Review: FRANK OF IRELAND, Brashly Comic and Totally Ridiculous
Brian Gleeson, Domhnall Gleeson, Sarah Greene and Pom Boyd star in the series, soon to stream on Amazon Prime Video.
Living in a land of frank, funny delusion. Wait a minute, is this me?
Frank of Ireland
All six episodes will begin streaming on Amazon Prime Video as of Friday, April 16.
Frank should not be living at home with his mother.
It's not because he's too old, though anyone still living at home past the age of 30 inevitably raises questions. Rather, it's because he is an impossibly selfish, incredibly self-important, and disturbingly self-aggrandizing individual, entirely lacking any awareness or interest in how his actions affect his 'inner circle,' which includes his best friend, Doofus, his former girlfriend, Àine (Sarah Greene), and his mother, Mary (Pom Boyd).
What makes Frank of Ireland brashly comic and frequently hilarious is that the characters live in a land of frank delusion. They all walk around with blinders fully covering over any sense of propriety and/or decency, so that nothing can be taken seriously. The only question is, to what degree can the premise be pushed?
The question is answered over the course of six episodes in the series, created by Brian Gleeson, Domhnall Gleeson, and Mike Moloney. Brian Gleeson plays Frank and his older brother Domhnall Gleeson plays Doofus; the two brothers portray best friends with an easy camaraderie, a goofy sense of humor, great deadpan delivery, and a keen understanding that the series must revolve around Frank as the perceived center of his own universe, with everyone else arranged in orbit around him and his needs.
The series begins with a swear word, softly uttered, and the ensuing conversation confirms that the dialogue will be consistently profane and scatological to the nth degree. Each episode runs about 30 minutes or less, which feels about right. After all, how much ridiculous bluster can be tolerated before the hot air runs out?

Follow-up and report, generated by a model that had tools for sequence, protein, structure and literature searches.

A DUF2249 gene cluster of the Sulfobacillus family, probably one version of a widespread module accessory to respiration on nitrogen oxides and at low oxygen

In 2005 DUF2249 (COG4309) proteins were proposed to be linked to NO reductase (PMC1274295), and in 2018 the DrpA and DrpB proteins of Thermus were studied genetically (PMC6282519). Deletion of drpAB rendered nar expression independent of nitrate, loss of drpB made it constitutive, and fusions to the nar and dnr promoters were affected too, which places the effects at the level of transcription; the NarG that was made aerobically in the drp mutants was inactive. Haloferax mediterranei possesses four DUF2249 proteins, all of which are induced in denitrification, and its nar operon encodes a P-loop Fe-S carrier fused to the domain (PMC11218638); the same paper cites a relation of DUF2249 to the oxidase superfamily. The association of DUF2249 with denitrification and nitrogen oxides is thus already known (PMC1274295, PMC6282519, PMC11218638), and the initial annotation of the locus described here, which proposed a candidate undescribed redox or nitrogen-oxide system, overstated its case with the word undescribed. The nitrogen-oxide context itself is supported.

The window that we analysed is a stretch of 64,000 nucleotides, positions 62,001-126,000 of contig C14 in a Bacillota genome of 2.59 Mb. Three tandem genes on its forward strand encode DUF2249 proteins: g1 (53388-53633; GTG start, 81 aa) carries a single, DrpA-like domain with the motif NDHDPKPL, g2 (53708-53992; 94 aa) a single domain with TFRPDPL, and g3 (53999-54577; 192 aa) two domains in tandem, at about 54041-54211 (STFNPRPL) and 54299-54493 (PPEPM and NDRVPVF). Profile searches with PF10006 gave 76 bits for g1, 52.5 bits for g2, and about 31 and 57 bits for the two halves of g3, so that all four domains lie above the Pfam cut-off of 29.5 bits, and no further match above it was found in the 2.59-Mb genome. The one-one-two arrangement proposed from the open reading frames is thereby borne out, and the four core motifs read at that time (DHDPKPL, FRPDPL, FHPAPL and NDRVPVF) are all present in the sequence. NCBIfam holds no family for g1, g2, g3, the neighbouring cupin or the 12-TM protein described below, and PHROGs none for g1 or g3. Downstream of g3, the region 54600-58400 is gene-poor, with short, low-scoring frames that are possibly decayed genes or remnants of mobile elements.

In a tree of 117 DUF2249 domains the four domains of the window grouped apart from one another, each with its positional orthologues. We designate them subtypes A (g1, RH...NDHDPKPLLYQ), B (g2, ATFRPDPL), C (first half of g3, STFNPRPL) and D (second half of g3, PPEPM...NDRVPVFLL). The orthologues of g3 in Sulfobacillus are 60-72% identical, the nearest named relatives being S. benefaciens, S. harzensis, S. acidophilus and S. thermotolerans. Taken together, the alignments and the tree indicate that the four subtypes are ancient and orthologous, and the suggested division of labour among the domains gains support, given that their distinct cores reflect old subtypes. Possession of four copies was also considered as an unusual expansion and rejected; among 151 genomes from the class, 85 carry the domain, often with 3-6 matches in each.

That is the point, however, or at least one of the points, since the series also gnaws a bit on the idea that Frank refuses to grow up or to become any sort of adult. His 'inner circle' is no better, though perhaps not to the same deluded degree as Frank. They all cling to notions from their own childhood, declining to face reality and the need to change, adjust, and modify their own behavior. Instead, they'd rather be children and get what they want, and they want other people to sacrifice their own needs and wants in their favor, now, please, and I'm just saying "please" so I can pretend to be polite, because that's what people expect.
Even so, Frank and the other souls, lost in their selfish preoccupations, occasionally get a glimmer of how they should be behaving, perhaps, and give evidence of their capacity to change and -- gasp! -- improve for the better.
And then it's gone, with a rough-humored twist or two, and it's back to me! me! me!
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